The British Prime Minister has said on many occasions that she would rather that no deal be made (in negotiations with the EU), than a bad one. CBRE calculates the probability of a no-deal Brexit scenario at around 25%. A no-deal scenario would mean the UK leaving on WTO rules, rather than continued preferential market access. Such an outcome could be damaging for the short-term confidence in the UK economy, especially if the UK is not well prepared.

What is significant for the real estate market are the current negotiations on future trade and migration arrangements.

Migration controls are likely to be tighter, but it is not clear yet to what extent the controls will be. In the 2017 General Election, the Government restated its target to cut nett migration to below 100,000 people per year. This will be challenging given that nett migration into the UK is currently more than double that amount, and added on to the fact that the Government wants to allow highly-skilled EU immigrants to continue to come to the UK.

The reduction in immigrants could very well cause labour shortages and inflation. A shortage in labour affecting the construction sector could mean the slowing down of on-going developments, inevitably causing real estate demand to rise. This was implicitly recognized in the Government’s November 2017 Budget, in which £34 mil was allocated to retraining the unemployed to work in this sector.

However, any attempt to tighten migration controls will not be made until 2021 at the earliest, given that the Government has made a commitment to import the entire body of EU law into domestic legislation, which will take a while.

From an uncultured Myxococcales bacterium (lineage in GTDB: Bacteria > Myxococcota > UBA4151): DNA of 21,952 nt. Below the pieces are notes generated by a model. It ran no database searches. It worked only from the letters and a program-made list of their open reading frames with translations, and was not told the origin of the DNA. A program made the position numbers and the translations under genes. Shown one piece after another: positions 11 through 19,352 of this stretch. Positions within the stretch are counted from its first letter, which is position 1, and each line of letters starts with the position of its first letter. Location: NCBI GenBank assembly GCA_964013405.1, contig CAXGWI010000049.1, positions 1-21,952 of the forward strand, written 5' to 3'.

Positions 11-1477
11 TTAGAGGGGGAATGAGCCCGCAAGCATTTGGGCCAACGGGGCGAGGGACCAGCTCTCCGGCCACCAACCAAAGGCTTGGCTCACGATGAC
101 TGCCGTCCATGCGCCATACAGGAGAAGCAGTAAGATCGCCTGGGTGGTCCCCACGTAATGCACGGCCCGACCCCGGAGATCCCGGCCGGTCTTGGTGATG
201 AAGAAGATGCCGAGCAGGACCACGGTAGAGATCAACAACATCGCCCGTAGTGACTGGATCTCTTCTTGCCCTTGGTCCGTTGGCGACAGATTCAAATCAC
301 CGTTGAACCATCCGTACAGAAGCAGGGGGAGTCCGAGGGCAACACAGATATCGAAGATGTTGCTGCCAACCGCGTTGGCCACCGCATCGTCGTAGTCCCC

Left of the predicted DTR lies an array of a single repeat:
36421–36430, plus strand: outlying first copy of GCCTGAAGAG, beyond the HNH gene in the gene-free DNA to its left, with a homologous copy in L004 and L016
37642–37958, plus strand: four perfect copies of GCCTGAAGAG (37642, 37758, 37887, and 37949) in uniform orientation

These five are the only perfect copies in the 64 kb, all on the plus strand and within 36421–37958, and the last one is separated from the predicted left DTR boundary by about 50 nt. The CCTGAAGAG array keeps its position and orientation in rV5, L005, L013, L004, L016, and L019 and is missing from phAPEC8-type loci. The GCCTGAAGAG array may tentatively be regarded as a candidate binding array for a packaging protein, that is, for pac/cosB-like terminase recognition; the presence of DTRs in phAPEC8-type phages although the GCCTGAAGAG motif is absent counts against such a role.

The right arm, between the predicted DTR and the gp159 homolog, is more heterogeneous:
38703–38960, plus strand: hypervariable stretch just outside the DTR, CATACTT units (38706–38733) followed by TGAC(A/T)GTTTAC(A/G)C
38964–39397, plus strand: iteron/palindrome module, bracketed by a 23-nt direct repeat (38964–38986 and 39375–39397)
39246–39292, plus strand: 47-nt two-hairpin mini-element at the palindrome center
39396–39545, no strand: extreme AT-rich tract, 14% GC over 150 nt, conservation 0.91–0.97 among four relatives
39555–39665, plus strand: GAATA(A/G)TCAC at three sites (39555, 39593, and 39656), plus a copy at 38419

This will also mean that regulatory legislation for the property market is likely to stay stagnant until after 2021 as well. Tax change is not likely to differ either. Most taxes have been nationally-determined, with the exception of VAT and customs duties where the EU has specific influence. Thus Brexit will not induce much change in that regard.

Residential Property

The residential property market is on the road to recovery, going up by 34% from the post-crisis sales rate, which was about 1.2 million sales in 2017.

First-time buyers have increased from the long-term average of 41% to 48%. This can possibly be attributed to the Government’s Help to Buy program, which provides more accessible financing for those looking to purchase residential property. Movers are hindered by a lack of stock coming onto the market, and this trend is most pronounced in London.

CBRE predicts that house price growth will slow to around 1.5% in 2018, but rally in 2019 and reach 17.1% in the next five years.

CBRE house price and rental forecast for 2018-2021

Commercial Student Accommodation

Commercial student accommodation is set to be a growth area, with or without a Brexit deal. Research from Cushman & Wakefield showed that the supply of studio rooms has more than doubled since 2014. In 2017 a record-breaking 30,000 bed spaces were provided.

However, supply is still not keeping pace with the growth of students in recent years. CBRE’s research shows that there still is much headroom for further provision of student accommodation in many cities in the UK.

CBRE’s valuation index of 65,000 bed spaces reached double-digits, with total returns at 11.9% in the 12 months to Sept 2017. This significantly outperformed the Investment Property Database (IPD) All Property Index at 9.5%, which provides an indication of investment performance for the entire real estate market as a whole.

Nett rental growth of the index reached 4.1%, which was pushing double the IPD ERV (Estimated Rental Value) growth, at 2.2%.

Future demand for student property is likely to increase as latest UCAS figures show that student applications have gone up. The number of applications by EU and international students for university places in the UK increased to over 100,000 for the first time in 2018, a rise of almost 8% compared to last year. From this it can be seen that Brexit is irrelevant to students looking to further their studies, and the UK remains a popular place due to the reputation it has for quality tertiary education.

David Feeney, advisory associate at Cushman & Wakefield explains, “The UK is still a global education hub, attracting the best students from around the world. Even with Britain’s exit from the EU progressing, the relatively weak pound has attracted additional applications from non-EU students, with their numbers rising 5% over the last year. It is a key market, as 23% of the UK student population is now from overseas.”